Geno Smith has emerged as a leader for West Virginia football
Thursday, September 16, 2010; 12:08 AM
MORGANTOWN, W. Va. - Geno Smith slammed down his blue and gold helmet late in the fourth quarter Friday night, then delivered a fiery pep talk to his teammates.
"He said, 'We are going to do this,' " West Virginia Coach Bill Stewart recalled of the moment when the soft-spoken sophomore quarterback became the unquestioned leader of the Mountaineers' offense. "Geno looked at everybody, and looked dead at me and he said, 'We are going to do this.' I looked at the linemen, I looked at the backs and said, 'Let's follow him.' "
Follow they did as Smith, in his first career start on the road, coolly directed fourth-quarter touchdown drives of 96 and 98 yards, and completed a two-point conversion pass, to rally West Virginia from a 21-6 deficit against Marshall, an opponent the Mountaineers were expected to thump but only squeaked past in overtime, 24-21.
"It humbled us, but at the same time it gave us a bit of extra confidence because of the circumstances we were in, how we're down and had to go 98 yards," Smith said this week. "We came together as a team."
And Smith, a precise pocket passer with a powerful arm, became the latest Mountaineers player to arrive on the national stage. The Miramar, Fla., native completed 14 of 17 pass attempts for 151 yards and a touchdown in the final 8 minutes 28 seconds to stun the Thundering Herd and its fans.
"Actually," Smith added, "I don't see what the big deal is. Not to be cocky or anything, but I have extreme faith in myself and confidence."
Smith's emergence could prove to be key Saturday for the No. 21 Mountaineers, who will make a significant step up in competition when they host Maryland in a game Stewart regards as an important early-season barometer of his team's progress. The rivals did not face each other the past two seasons, ending a stretch in which they played each fall from 1980 to 2007. West Virginia leads the all-time series 23-21-2 and has won each of the past four meetings, including a 31-14 triumph in College Park in 2007.
"This is a great border rivalry," said Stewart, who has 10 Maryland natives on his roster. Asked about the advantage the Mountaineers will possess at notoriously raucous Milan Puskar Stadium, Stewart joked: "We've really cleaned up. We're the neatest, tidiest, most courteous fans out there. Our fans will not get rambunctious, will not rock [Maryland's] bus like the old days. . . . It's a great place to play when you're from here and a tough place to play when you're not."
And now they've got another edge Maryland won't have: a game-breaker at quarterback to complement standout running back Noel Devine and pass-catching threats Jock Sanders and Tavon Austin on the Big East's second-ranked offense (434.5 yards per game).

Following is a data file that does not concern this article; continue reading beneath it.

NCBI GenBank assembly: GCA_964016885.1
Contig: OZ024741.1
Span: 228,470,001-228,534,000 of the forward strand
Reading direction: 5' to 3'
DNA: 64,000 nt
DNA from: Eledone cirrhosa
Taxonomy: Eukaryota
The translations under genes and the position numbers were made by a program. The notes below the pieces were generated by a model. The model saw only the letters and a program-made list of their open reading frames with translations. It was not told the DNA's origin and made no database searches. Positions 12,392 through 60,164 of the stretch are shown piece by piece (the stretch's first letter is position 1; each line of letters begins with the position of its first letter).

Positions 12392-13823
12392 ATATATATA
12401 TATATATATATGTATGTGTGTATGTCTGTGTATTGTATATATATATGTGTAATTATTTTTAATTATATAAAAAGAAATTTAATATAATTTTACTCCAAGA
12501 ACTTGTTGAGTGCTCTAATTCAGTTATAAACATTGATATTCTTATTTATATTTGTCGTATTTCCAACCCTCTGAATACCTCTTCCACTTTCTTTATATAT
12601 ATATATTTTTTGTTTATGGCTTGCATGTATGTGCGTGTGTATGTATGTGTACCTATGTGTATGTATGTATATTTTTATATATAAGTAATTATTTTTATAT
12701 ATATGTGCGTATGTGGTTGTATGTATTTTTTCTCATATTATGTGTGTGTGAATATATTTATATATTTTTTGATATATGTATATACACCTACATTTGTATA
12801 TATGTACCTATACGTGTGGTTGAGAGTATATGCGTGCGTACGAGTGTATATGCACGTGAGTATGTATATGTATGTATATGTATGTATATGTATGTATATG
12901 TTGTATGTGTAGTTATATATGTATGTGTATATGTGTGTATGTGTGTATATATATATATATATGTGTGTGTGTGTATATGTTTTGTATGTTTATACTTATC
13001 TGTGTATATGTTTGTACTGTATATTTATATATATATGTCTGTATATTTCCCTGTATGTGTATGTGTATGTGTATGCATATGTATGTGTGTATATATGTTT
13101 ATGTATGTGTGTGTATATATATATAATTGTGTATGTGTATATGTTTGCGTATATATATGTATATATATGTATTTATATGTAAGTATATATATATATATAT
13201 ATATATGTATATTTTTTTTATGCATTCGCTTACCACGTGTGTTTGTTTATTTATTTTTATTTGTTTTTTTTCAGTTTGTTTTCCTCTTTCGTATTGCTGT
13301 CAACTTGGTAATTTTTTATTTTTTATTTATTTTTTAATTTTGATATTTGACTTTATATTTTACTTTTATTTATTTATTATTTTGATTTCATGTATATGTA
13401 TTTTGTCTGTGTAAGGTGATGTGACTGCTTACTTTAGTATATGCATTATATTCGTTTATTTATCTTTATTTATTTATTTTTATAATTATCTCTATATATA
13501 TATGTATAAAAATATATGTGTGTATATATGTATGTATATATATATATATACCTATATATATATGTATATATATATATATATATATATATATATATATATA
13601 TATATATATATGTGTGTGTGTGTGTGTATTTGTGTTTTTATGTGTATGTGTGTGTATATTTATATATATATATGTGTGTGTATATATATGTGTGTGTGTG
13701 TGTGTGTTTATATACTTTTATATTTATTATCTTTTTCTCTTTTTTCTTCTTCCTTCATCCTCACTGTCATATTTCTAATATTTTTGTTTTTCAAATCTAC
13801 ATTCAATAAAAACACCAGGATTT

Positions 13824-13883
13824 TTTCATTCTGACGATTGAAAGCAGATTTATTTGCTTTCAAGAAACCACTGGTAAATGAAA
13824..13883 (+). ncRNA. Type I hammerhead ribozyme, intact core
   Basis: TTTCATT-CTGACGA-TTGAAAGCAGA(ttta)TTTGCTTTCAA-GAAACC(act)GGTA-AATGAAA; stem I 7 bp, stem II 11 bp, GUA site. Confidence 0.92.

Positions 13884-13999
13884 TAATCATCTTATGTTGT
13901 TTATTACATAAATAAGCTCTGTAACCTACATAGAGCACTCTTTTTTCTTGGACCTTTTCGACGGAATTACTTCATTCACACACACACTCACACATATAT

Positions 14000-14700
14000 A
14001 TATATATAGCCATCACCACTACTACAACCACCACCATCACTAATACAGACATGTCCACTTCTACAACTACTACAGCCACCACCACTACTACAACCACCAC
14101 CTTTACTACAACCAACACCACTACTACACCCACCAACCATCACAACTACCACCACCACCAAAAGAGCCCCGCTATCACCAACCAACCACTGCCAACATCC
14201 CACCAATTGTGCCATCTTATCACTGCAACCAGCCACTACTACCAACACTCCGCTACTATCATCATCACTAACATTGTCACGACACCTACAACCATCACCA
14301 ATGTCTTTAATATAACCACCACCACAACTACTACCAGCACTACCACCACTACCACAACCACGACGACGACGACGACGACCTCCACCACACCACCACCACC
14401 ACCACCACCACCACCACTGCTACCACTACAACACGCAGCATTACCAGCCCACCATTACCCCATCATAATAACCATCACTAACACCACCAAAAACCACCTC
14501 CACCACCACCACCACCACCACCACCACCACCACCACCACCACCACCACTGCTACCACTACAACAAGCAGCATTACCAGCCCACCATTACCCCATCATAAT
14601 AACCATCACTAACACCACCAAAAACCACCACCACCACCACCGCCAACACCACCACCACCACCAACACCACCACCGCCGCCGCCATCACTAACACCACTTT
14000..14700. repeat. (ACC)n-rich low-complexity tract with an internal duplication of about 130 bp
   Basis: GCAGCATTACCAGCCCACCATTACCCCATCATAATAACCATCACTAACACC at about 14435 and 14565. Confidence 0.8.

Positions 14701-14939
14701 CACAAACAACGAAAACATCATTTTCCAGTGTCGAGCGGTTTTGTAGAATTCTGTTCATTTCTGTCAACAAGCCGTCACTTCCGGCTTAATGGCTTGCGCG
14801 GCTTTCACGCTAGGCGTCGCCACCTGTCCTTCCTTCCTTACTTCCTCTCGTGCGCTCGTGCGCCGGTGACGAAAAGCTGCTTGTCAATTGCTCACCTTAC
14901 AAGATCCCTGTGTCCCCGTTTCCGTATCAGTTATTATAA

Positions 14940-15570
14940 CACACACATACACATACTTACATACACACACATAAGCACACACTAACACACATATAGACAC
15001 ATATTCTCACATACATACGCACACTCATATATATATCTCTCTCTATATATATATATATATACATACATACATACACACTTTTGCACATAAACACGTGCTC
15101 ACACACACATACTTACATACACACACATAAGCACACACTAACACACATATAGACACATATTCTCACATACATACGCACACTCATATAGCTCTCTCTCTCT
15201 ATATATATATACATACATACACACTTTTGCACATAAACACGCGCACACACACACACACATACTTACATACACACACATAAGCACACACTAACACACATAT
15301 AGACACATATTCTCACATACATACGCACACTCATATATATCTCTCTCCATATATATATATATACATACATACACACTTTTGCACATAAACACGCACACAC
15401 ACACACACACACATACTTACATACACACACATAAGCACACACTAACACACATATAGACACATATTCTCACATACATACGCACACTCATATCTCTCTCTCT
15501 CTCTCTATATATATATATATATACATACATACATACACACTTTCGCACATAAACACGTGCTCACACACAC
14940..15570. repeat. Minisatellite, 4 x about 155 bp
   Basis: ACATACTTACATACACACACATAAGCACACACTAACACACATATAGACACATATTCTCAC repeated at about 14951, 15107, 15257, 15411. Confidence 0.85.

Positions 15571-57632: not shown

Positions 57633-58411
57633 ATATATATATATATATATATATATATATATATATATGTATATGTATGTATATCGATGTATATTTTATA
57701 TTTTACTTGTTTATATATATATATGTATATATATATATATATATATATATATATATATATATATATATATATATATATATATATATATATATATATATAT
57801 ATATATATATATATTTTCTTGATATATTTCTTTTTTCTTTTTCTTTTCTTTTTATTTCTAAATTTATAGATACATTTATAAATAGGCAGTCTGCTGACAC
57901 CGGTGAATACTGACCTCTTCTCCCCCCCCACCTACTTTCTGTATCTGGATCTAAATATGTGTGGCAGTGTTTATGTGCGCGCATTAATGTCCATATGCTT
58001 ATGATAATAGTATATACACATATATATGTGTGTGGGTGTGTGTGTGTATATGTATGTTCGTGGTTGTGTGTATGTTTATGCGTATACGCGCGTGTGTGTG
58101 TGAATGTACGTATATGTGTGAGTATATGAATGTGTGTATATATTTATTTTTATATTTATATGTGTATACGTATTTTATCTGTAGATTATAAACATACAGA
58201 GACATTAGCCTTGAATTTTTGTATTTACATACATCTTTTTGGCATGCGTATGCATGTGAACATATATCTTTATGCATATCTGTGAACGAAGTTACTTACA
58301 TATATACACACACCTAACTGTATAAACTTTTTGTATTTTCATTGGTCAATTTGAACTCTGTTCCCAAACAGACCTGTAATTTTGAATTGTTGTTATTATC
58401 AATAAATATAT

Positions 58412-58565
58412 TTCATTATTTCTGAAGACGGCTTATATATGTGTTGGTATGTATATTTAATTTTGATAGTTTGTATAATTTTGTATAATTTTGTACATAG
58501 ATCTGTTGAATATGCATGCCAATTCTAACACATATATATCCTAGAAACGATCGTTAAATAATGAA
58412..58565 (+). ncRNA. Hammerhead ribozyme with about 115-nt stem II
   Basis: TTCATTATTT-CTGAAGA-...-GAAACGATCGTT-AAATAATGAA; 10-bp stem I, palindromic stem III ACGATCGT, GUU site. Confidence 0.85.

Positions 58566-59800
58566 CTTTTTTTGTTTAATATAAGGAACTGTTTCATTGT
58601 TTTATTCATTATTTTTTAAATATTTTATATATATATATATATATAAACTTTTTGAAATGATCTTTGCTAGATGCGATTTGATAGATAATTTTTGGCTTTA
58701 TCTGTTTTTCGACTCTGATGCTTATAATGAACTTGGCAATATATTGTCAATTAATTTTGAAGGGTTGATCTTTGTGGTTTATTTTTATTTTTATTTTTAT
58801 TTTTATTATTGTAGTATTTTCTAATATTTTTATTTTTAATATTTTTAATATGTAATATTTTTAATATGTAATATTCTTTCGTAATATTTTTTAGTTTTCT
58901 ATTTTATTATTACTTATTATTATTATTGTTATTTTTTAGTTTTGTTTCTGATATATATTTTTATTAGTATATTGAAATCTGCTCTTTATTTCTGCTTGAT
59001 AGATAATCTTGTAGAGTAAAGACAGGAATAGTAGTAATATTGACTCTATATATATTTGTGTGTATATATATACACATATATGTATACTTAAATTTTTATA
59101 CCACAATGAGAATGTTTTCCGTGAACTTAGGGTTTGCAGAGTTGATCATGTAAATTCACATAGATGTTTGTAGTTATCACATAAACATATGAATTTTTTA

Devine was named the conference's offensive player of the week after racking up 174 all-purpose yards against Marshall - his 17th game with at least 100 rushing yards - and scoring one of the two fourth-quarter touchdowns. But what Devine enjoyed just as much, he said, was watching Smith take control on the sideline against Marshall and then author a breakthrough performance.
"I always knew Geno was something special, but for him to put it together like that shows he's growing and maturing," Devine said. "He's getting better week by week. Now [opponents] never know what they are going to get. They may get a run, they may get a draw, may get a screen or they may get a deep pass to Jock."
Offensive lineman Joe Madsen said of Smith's impassioned pep talk: "It was awesome. It shows a lot of leadership on his part. I liked to see it. He needed to step in and get us in line."
Smith completed 32 of 45 passes for 316 yards against Marshall, one week after ripping overmatched Coastal Carolina for 216 yards on 20-of-27 passing in a 31-0 season-opening rout. He leads the Big East in passing efficiency (145.2), total passing yards (532), completions per game (26) and total offense per game (275.5).
The impressive stats, Smith said, are mostly the result of adding about 20 pounds to his 6-foot-3, 210-pound frame and the experience from a second offseason of preparation. As a result, he's more sturdy on his feet. Panic no longer sets in at the first sign of pressure. And when his first option is covered, he calmly scans his second and third reads before making a decision.
In short, Smith said, the game is slowing down.
"Sometime over the summer, I started to see things in a better light," he said. "I work hard in the film room, and that hard work is showing itself out there on the field."
But what makes Smith a potential star, Stewart said, is that he also possesses something hours of film study can't teach.
"The kid's got a lot of 'it,' " the coach said. "That 'it' factor."